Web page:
When I was growing up polio epidemics were frequent. I lived in a small upstate NY town known for its beautiful mountains, cool stream waters and great summer weather making it the perfect vacation escape for thousands of people. Combine the time and the place and families were careful to shield the children from this crush of visitors.
We were lucky that my grandparents owned property up in those mountains and every year our family left our hometown the day after school recessed for our summer place, returning the day before school started. I remember eagerly packing the old station wagon with summer clothing, bathing suits, as many books as I could fit and games.
Those summers were bliss. Acres of property to run and play, forts to build, mountains to climb and brooks to wade. Although I was the only child around I never got lonely – too much to do, so much to explore. My sister was a baby but eventually,over the years we spent on this summer trek, grew into a fun, if sometimes a pesky playmate.
In the evening we would go for walks to watch the sun go down, catch fireflies, read, play Uncle Wiggly or listen to the radio or get my grandmother to tell us stories about life in Scotland.
These years, life was a blank canvas filled with experiences and we were willing sponges. I learned the names of birds and trees, devised games to amuse myself, read my way through all the Bobbsey Twins, Cherry Ames, Nancy Drew, Pollyanna, and too many others to name, learned to swim, learned to enjoy being myself.
And then there were our only near neighbors, just a short walk up the hill. They lived here all year round, farming the land, haying, milking the many cows that grazed on the hillside. She was what they used to call a maiden lady, never married, and the owner of the old house filled with antiques, mostly china and books. She opened a new world of authors to me: Gene Stratton Porter, Albert Payson Terhune, Readers Digest Condensed book. I still have all she gave me each summer and enjoy remembering and re-reading even today. My secret wish was to go to Mackinaw Island and meet Freckles so he could teach me more about moths and butterflies and then I would marry him.
Her border, was an elderly man, blinded and scarred years earlier in a chemical fire. Born in Ireland he had the greatest Irish brogue – sometimes we had to guess what he said. He was jovial, friendly and fun to be around. He would take us into the barns with the cows, let us play with his dog and was always laughing.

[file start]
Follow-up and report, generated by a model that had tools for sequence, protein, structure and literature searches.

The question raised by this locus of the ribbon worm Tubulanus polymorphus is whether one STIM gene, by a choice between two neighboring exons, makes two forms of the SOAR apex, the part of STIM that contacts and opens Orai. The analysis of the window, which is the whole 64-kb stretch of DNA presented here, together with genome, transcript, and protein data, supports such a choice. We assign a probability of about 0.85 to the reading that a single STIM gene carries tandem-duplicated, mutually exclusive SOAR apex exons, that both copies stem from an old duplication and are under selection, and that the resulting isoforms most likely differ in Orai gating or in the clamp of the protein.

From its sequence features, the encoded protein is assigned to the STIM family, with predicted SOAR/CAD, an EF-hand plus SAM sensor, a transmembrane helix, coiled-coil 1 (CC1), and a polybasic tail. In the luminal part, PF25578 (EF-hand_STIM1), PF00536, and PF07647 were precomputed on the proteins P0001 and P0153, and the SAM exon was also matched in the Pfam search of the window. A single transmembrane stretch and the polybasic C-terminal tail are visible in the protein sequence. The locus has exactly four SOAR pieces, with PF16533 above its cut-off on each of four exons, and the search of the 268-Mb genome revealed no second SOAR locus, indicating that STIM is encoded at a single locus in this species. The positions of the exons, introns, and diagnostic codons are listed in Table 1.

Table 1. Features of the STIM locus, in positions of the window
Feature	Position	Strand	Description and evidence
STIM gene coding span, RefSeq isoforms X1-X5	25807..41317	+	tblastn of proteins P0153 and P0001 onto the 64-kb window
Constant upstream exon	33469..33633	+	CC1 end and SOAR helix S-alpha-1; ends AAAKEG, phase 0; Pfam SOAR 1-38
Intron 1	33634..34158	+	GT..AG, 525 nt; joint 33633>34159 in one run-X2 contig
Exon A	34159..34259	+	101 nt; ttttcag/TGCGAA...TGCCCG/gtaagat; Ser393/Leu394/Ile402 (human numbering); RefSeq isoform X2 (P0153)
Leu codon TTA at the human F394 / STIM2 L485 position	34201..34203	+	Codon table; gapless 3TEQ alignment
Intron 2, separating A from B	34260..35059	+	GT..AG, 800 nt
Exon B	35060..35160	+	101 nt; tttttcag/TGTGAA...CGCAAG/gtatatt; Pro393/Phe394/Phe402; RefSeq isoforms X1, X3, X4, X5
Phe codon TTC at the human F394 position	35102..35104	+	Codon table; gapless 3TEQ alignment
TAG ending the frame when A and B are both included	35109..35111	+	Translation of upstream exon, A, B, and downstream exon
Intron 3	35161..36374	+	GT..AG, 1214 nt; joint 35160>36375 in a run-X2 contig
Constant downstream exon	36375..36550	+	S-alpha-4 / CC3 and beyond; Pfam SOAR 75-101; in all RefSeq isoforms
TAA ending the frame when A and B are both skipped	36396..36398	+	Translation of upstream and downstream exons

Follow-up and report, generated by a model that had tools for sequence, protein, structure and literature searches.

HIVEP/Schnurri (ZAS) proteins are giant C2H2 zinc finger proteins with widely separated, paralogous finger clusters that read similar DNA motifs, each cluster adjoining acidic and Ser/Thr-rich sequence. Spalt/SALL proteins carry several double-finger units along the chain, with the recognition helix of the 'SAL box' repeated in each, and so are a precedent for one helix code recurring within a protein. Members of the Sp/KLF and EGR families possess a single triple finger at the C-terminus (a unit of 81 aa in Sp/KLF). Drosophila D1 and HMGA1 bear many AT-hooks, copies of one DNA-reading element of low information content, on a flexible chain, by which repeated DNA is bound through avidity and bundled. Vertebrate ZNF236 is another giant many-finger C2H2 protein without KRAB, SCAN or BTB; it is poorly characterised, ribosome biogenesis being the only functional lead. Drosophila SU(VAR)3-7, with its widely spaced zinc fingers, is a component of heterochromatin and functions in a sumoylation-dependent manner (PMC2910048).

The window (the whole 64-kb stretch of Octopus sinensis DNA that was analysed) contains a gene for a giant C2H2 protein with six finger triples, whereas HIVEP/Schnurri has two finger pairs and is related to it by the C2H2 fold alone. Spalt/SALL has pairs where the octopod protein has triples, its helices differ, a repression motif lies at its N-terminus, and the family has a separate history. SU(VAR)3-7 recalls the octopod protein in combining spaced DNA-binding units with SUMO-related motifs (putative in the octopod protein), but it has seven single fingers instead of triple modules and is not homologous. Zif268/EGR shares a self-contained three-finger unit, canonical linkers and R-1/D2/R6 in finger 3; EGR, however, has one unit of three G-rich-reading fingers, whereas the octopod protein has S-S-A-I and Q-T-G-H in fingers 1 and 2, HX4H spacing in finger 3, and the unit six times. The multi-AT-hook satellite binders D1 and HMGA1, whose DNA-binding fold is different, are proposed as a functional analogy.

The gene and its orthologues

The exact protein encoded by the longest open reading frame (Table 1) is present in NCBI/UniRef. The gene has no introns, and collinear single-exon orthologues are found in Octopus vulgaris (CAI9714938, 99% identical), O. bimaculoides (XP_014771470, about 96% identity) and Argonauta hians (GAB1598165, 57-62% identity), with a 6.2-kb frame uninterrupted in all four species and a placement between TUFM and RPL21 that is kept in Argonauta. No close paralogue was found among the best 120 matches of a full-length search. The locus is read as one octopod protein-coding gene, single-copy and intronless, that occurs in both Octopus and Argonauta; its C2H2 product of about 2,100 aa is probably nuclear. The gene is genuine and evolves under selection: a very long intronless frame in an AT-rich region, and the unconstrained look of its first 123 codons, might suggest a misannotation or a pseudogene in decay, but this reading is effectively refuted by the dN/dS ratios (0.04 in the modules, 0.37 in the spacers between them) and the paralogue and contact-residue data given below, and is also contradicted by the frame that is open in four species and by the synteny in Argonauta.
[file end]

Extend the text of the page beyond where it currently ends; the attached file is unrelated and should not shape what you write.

We learned about Belleek China, drank watery tea from those cups, ate cookies, listened to stories and tried on old hats. It was an odd tea party but oh so delightful.
These years went on for a long time but then in the mid-50’s things changed. The reason for leaving our hometown – the chance of contracting polio, was no longer a threat. First the Salk vaccine and then the Sabin oral vaccine and polio epidemics died down and then out. Although we still continued to go to our summer place we were not so isolated and eventually we only drove up for long weekends.
I learned many years later that members of Rotary International made a promise to the children of the world to eradicate polio. Now most of the world is polio-free with a final push to finish what was promised over 30 years ago. I joined Rotary in 1997 and do my part in the eradication effort.
From-time-to-time I think about those summers, all the experiences and adventures, the life skills learned, the passion for literacy, the habits of mind and realize that if it hadn’t been for the polio scare my life might have turned out very differently.
I still visit that summer place the land now owned by others. Our neighbors long gone, the barns in neglect. But the trail down to the waterfall is still there, overgrown of course. The entrance to the pasture hidden by encroaching trees and maybe I’m the only one who remembers where the secret mountain spring is located. And I will see Rotary keep its promise.